Tuesday, September 29, 2009

Single Ladies

On Sunday, November 23rd, 2008 Mr. Right and I were watching a little TV. We somehow landed on the American Music Awards show and after watching for a few minutes, we decided it just wasn't our cup of tea. Then Mr. Right went to run an errand (pick up dinner) and as he left, I said I was probably going to change the channel and he said that was A Okay with him.

Right after he left, someone called The Dream came on to introduce the next performer, Beyonce. I watched for a couple of minutes and picked up the remote control and pushed Record. When Mr. Right got home, I showed him Beyonce's performance of Single Ladies and I was more than happy to do that because it meant that I got to watch it again. Then we both watched it yet again. I loved everything about it, the song, the message, and the audacious and energetic dance. We showed that video over and over again.

Three of our daughters/daughters-in-law did the dance during Christmas week and did an amazingly respectable job of it. I saw a YouTube video of 100 dancers performing the number at Picadilly Circus in London and I saw that there was an MTV video of Beyonce performing the number; but, I've never liked another version as much as I liked the one she did at the American Music Awards show.

Then I saw Kanye West interrupt Taylor Swift's acceptance of the Best Video award at the VMA to state that Beyonce's video was better; indeed, the best music video ever. Although I thought what he did was inexcusable, I thought what he said was true. It's a great video.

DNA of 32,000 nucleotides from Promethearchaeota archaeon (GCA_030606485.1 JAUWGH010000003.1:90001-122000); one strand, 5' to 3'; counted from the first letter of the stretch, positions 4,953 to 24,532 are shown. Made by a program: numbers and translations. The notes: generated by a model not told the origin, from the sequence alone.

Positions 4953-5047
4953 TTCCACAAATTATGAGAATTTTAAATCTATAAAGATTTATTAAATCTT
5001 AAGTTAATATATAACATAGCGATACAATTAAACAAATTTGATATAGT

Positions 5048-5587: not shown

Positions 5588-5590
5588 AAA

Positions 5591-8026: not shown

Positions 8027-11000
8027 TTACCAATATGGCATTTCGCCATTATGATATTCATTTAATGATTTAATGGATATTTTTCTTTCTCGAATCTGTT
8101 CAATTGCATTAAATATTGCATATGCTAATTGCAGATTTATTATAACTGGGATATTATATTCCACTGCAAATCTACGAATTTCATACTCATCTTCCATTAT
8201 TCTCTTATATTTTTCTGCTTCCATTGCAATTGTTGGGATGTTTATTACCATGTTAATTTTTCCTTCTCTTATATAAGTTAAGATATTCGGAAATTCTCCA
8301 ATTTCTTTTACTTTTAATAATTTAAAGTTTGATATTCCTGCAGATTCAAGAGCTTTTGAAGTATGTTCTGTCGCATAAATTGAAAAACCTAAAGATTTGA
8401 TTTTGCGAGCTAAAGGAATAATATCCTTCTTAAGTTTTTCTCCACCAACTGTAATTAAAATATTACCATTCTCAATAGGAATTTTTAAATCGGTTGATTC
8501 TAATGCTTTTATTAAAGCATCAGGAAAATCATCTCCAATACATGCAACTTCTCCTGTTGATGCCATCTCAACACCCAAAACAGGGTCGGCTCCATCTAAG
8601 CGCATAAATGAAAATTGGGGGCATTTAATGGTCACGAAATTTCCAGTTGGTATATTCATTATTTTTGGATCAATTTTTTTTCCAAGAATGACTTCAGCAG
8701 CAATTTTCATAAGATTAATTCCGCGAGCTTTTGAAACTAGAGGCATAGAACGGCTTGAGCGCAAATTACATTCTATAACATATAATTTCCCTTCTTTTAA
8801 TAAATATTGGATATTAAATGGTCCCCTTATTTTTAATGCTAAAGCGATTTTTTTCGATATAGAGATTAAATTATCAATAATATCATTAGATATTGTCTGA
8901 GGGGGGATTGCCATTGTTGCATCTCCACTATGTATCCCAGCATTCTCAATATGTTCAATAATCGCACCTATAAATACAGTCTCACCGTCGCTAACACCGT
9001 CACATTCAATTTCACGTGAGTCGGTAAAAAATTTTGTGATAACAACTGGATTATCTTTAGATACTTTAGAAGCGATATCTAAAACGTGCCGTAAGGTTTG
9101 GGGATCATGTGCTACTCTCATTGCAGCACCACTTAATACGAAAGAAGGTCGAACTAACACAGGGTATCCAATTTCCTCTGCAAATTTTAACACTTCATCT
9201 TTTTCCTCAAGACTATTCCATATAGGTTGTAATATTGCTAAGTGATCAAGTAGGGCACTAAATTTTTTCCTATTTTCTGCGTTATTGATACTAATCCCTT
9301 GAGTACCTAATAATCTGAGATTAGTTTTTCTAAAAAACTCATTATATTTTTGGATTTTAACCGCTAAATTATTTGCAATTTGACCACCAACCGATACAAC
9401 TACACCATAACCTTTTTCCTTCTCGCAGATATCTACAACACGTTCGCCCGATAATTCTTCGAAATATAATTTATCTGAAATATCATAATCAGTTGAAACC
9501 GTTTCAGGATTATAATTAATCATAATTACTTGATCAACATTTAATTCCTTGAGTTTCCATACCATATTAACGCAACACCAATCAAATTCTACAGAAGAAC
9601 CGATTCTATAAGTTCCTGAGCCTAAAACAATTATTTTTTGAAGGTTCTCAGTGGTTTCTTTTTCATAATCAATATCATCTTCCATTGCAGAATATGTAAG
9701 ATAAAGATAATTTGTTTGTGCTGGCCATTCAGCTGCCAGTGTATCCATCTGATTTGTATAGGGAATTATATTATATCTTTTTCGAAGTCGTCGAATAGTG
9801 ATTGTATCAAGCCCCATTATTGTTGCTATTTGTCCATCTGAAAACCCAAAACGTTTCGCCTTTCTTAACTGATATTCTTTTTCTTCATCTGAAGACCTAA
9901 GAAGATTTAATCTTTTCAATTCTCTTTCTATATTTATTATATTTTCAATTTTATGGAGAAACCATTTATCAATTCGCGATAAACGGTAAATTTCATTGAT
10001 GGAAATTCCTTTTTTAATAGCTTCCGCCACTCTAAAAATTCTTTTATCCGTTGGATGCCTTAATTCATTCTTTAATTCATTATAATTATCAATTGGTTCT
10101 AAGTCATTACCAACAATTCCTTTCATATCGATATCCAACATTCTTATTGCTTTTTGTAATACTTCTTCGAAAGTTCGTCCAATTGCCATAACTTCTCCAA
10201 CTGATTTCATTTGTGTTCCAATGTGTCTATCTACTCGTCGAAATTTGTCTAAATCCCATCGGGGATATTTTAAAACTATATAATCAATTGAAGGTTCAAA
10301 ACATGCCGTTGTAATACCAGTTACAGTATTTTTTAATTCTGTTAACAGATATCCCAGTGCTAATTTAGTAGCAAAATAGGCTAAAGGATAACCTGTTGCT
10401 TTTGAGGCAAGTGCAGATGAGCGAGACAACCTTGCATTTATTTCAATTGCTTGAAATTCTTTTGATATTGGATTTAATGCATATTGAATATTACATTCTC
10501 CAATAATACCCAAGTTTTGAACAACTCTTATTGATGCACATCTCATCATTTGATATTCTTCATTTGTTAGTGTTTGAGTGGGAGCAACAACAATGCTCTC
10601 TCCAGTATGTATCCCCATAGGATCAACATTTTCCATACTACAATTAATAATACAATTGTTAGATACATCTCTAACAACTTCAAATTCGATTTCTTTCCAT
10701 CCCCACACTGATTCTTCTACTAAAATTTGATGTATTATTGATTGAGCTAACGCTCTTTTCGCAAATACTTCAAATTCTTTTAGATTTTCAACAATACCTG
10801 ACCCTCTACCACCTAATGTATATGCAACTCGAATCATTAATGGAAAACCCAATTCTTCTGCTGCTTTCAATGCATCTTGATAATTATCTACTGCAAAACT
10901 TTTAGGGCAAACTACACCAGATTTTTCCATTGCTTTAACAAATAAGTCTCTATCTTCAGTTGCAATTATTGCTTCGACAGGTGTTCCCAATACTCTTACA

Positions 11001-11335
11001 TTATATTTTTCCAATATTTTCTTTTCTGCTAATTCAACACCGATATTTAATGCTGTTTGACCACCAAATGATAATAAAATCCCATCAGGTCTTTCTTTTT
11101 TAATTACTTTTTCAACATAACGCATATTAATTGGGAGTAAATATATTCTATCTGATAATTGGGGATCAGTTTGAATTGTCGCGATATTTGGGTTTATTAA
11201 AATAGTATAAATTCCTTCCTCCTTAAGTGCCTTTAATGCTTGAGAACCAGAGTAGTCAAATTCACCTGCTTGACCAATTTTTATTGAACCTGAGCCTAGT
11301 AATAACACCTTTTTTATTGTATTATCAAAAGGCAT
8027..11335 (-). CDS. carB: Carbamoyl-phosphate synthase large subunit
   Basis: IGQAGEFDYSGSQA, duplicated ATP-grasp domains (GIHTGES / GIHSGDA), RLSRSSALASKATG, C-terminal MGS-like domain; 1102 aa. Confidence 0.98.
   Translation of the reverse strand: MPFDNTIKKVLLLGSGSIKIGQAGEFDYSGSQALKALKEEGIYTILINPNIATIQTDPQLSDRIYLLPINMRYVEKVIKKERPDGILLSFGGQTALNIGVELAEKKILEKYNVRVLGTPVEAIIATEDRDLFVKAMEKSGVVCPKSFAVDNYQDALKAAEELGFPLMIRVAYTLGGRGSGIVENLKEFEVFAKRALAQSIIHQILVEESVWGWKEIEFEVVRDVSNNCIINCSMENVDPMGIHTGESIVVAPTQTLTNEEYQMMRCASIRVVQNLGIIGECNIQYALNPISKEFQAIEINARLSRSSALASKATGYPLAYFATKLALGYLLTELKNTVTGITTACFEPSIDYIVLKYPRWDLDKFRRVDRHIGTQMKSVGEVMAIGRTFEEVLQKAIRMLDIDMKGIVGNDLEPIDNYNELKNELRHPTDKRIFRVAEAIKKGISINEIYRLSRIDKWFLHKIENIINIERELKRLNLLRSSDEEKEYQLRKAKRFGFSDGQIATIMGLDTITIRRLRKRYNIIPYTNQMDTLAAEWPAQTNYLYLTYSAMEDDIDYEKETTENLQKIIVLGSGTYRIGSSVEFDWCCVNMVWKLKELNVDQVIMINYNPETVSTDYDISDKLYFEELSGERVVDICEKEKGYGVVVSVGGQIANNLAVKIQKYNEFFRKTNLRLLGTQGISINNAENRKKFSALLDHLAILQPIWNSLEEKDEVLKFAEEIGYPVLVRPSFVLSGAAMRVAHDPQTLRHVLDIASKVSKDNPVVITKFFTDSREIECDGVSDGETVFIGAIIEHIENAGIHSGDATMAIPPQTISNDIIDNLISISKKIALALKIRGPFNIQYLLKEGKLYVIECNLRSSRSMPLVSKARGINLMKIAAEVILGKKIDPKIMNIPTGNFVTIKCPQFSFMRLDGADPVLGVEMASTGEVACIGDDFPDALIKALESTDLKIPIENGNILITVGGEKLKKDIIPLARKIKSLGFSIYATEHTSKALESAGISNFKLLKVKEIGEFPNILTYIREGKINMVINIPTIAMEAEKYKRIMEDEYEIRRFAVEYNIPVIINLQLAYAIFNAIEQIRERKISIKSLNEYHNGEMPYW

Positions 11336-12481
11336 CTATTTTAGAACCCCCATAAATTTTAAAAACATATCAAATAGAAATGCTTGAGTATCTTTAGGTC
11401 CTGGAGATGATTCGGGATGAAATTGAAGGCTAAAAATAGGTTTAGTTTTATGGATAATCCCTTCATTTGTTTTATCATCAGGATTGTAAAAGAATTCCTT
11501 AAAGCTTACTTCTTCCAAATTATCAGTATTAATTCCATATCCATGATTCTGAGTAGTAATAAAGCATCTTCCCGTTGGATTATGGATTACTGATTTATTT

Now someone's come out with a version that I love almost as much as the original performed at the 2008 AMA's. Check out this baby version for a real treat. If you haven't already seen it, you owe it to yourself to watch it now.

Monday, September 28, 2009

I Heard Some News Today, Oh Boy

Whenever I hear, see, read, or feel something that gives me chills, it's special. Chills are involuntary. I can't make them happen but when they do, I know I've just become privy to something big. And I believe it's because someone, somewhere needs me to appreciate the enormity of the news. Or maybe it's because somewhere in my subconscious it's what I needed to hear or read or see. Or maybe it's an intuition of some sort. An inner knowledge or belief in the goodness of what I've learned. Whatever. Today I got chills and another day I'll explain why. Oh and, just so you know, I even got chills when I shared my knowledge with Mr. Right. Wow!

On another note, I've written often about our many and varied bird visitors this Spring and Summer. Well last week we had another one and I'm wondering if anyone can help me identify him or her. He was really huge. I'd say at least a foot tall from the top of his head to the tip of his tail - maybe even 18 inches. Here are a couple of pictures:

Any enlightenment would be greatly appreciated. Most importantly...should I fear for my koi? He looks kind of like a predator, doesn't he?

Friday, September 25, 2009

Busy Times

I can't believe how much adjustment is required in retirement. I can't, seriously CAN'T, believe that that there's so much to do daily and that, even though I make an ever growing 'To Do' list, I've never accomplished everything on it in a single day. I like having the list though. It helps keep things from falling through the cracks and it keeps me on track. I include everything from taking my pills to making my bed. I make sure to do some laundry every day and I edit some pictures too although not as many as I used to because I found out how little time I really have. I love these days though. I'll always be grateful for every single one of them and for everything I've been able to do that I couldn't have done if I were still giving more physical effort everyday than I had to give. I just can't wait until Mr. Right joins me. We're going to have such a good time and part of the reason will be that we can travel at the drop of a hat if we want to.

I've been trying to evolve my koi husbandry skills with some degree of success. There are no longer any koi in the two tubs outside. I've moved a total of 100 of them into the goldfish pond (where there are no goldfish of course), and the last 42 were moved into the aquarium yesterday. Here they are just before they were introduced into their new home.

Cute aren't they?